“Not another Tony Shalhoub musical, surely!”
The line cracks up Shalhoub, who tomorrow night tentatively sticks his big toe in the strange, shifting, uncertain sand of musical comedy when The Band’s Visit commences its three-week run at Atlantic Theater Company’s Linda Gross Theater.
“I know,” the actor sighs sheepishly, grimacing a bit at the thought. “I’ve never felt so vulnerable on the stage, and it’s even worse when you’re with people who really sing so effortlessly. They all sing beautifully, and for me, it’s a whole learning curve.”
His is a light sentence from composer-lyricist David Yazbek, who has done a deep dive into Middle Eastern music and come up with some eccentric, listenable exotica.
Shalhoub lifts his voice and sings “Something Different”—that’s the title, folks—a duet with the leading lady, Katrina Lenk, slightly longer than the six or eight bars of “True Love” in High Society that comprise Grace Kelly’s complete musical career.
“When Katrina’s singing and I’m on stage with her, I become like the audience. I find her mesmerizing and sorta get drawn into that. Yeah, I definitely think they found the right person to play that part. I have some friends who work and travel in the Middle East a lot. They couldn’t believe she wasn’t Israeli. She’s Russian-American.”
He’s also spared having to learn a musical instrument, unlike the six Egyptian members of the Alexandria Ceremonial Police Orchestra that he conducts. All he has to do is wave a baton in the air with some measure of conviction, so, for that, he consulted the show’s musical arranger. “She’s been really helpful. She told me, early on, that there’s not one way to do this. Everybody has their own style. Pretty much anything goes. I gather that it comes down to whatever you can get away with.”
Once he learned these two new tricks, Shalhoub was on safe, solid ground. Few can better depict the tightly wound tics and tentativeness of a misplaced immigrant. Here he’s a formal, painfully timid martinet who has emotionally shut down. The only thing that opens him up—and then just a crack—is Alexandria’s ragtag band.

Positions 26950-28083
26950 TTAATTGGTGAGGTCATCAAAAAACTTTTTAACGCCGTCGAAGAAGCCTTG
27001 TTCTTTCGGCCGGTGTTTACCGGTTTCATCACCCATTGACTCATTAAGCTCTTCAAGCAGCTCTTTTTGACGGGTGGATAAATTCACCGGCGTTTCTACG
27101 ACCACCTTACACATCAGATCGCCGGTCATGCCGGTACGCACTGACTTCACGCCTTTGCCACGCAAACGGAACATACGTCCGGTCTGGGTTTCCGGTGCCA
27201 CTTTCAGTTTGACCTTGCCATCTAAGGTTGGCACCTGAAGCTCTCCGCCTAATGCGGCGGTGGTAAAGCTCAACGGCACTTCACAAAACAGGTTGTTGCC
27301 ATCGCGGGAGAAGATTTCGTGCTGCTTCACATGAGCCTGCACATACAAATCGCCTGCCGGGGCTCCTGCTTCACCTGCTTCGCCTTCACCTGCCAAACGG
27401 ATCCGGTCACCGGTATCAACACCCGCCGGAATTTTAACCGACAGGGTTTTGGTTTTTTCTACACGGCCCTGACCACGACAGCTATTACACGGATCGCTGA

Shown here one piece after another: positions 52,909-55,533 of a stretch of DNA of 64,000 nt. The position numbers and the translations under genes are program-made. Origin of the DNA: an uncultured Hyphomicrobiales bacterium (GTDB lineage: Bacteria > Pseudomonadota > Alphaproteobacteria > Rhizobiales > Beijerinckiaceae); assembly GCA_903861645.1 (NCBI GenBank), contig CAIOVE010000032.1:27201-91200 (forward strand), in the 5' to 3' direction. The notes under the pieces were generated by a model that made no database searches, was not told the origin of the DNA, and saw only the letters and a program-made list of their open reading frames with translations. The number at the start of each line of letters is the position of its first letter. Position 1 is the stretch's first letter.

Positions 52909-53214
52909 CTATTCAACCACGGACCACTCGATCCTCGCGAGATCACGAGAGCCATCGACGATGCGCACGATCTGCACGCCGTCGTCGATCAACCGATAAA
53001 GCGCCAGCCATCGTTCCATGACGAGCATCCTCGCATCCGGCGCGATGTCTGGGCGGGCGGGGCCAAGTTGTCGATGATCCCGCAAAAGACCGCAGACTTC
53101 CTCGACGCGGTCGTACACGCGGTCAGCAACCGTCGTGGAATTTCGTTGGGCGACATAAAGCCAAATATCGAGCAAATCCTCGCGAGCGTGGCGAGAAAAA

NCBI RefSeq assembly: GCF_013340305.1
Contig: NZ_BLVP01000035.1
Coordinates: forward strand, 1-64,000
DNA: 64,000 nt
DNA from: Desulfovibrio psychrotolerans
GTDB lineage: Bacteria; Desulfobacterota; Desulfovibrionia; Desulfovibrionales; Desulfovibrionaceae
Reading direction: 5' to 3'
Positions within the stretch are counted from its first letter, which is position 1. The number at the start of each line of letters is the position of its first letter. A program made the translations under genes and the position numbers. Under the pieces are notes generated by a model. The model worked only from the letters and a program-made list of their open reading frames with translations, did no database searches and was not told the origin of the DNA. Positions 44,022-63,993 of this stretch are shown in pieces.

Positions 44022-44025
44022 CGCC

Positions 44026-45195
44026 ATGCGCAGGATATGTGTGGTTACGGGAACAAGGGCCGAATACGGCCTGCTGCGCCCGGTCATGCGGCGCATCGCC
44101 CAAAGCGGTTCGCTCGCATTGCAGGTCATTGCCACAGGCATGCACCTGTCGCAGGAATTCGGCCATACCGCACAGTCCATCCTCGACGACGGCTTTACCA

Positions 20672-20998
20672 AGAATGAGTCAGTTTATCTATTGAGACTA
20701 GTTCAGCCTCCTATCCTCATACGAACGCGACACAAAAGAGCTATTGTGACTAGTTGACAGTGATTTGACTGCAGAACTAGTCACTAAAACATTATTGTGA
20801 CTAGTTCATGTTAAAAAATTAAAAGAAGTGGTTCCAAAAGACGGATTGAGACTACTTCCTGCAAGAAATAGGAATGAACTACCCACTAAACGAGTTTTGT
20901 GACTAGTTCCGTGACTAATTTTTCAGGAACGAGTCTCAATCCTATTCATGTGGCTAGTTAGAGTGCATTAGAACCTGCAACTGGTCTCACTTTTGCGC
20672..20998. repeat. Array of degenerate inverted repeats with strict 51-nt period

“The guy I play has had a lot of tragedy in his life,” says Shalhoub. “He’s living a kind of precarious existence, which causes him to be super-cautious and socially awkward.”
“The guy I play has had a lot of tragedy in his life. Now he’s in a job where, as he says in the beginning, ‘The people who are in control of our funding have doubts that we’re worth their trouble,’ so their jobs are on the line. He’s living a kind of precarious existence, which causes him to be super-cautious and socially awkward.
“First of all, there’s the embarrassment of being in the wrong place. It’s a pride thing, a Middle Eastern male pride thing. Also, having to ask for anything away from home is just very hard to do. You don’t want to put people out or make any demands—yet that’s what they’re forced to do. They need food and lodging and some answers.
“It’s not earth-shattering, any of it,” the actor continues. “There’s a simplicity to the story. It’s so interesting this story is not political at all—or maybe, in a way, it is political because it isn’t—if that makes sense. It opens up a discussion about human behavior and the effort to communicate and bridge cultural and language gaps.”
The band’s quite a sight in their loud baby blues and gold braid, unceremoniously dumped in the desert. The image that begins the musical is the same that began the 2007 Israeli movie. Immediately, you wonder “What’s wrong with this picture?”
What’s wrong is a failure to communicate between nations. Because Arabic has no “p” sound and regularly replaces it with “b,” the band is deposited in Beit Hatikva, a tiny Israeli village in the middle of the Negev Desert, instead of at the Arab Cultural Center in Petah Tikva. Not only is there no Arab (or, for that matter, Israeli) culture around; there is no culture. But there is hospitality: Dina, the café-bar owner (Lenk), and her customers divvy up their homes to the band members to help them make it through the night to the morning bus. Just about everybody wakes up a new person.
Yazbek, who is “Lebanese and Jewish and everything that’s in the show,” found this suitable case for musical treatment at his usual hangout: the art-house circuit where he also found The Full Monty and Women on the Verge of a Nervous Breakdown. It was Israel’s Official Submission for the 2008 Foreign Language Film Oscar, but because first-time writer-director Eran Kolirin had his characters ditch the Hebrew and Arabic and communicate in English, it was disqualified by the Academy and got no nominations whatsoever. It did, however, win eight Israeli Oscars (Ophirs), and Rotten Tomatoes, which reported that 98 percent of its 108 critics gave the film positive reviews, presented it the Golden Tomato as the year’s Best Foreign Language Film.
Shalhoub, an ethnic Everyman, is a natural for this project and has been with it since playwright Itamar Moses turned in the musical book and director Harold Prince was putting that into workshops. Because of scheduling conflicts, Prince later dropped out—and, luckily, the equally exact and character-driven David Cromer dropped in.
In addition to being Shalhoub’s first musical, this may also be his first Egyptian. “I think so,” says The Man With the U.N. Face, which has, by turns, passed for Italian, Cuban, Greek, Russian, Jewish, et al. He even got to do his actual nationality once (in The Siege): Lebanese, albeit not one by way of Green Bay, Wis., which Shalhoub is.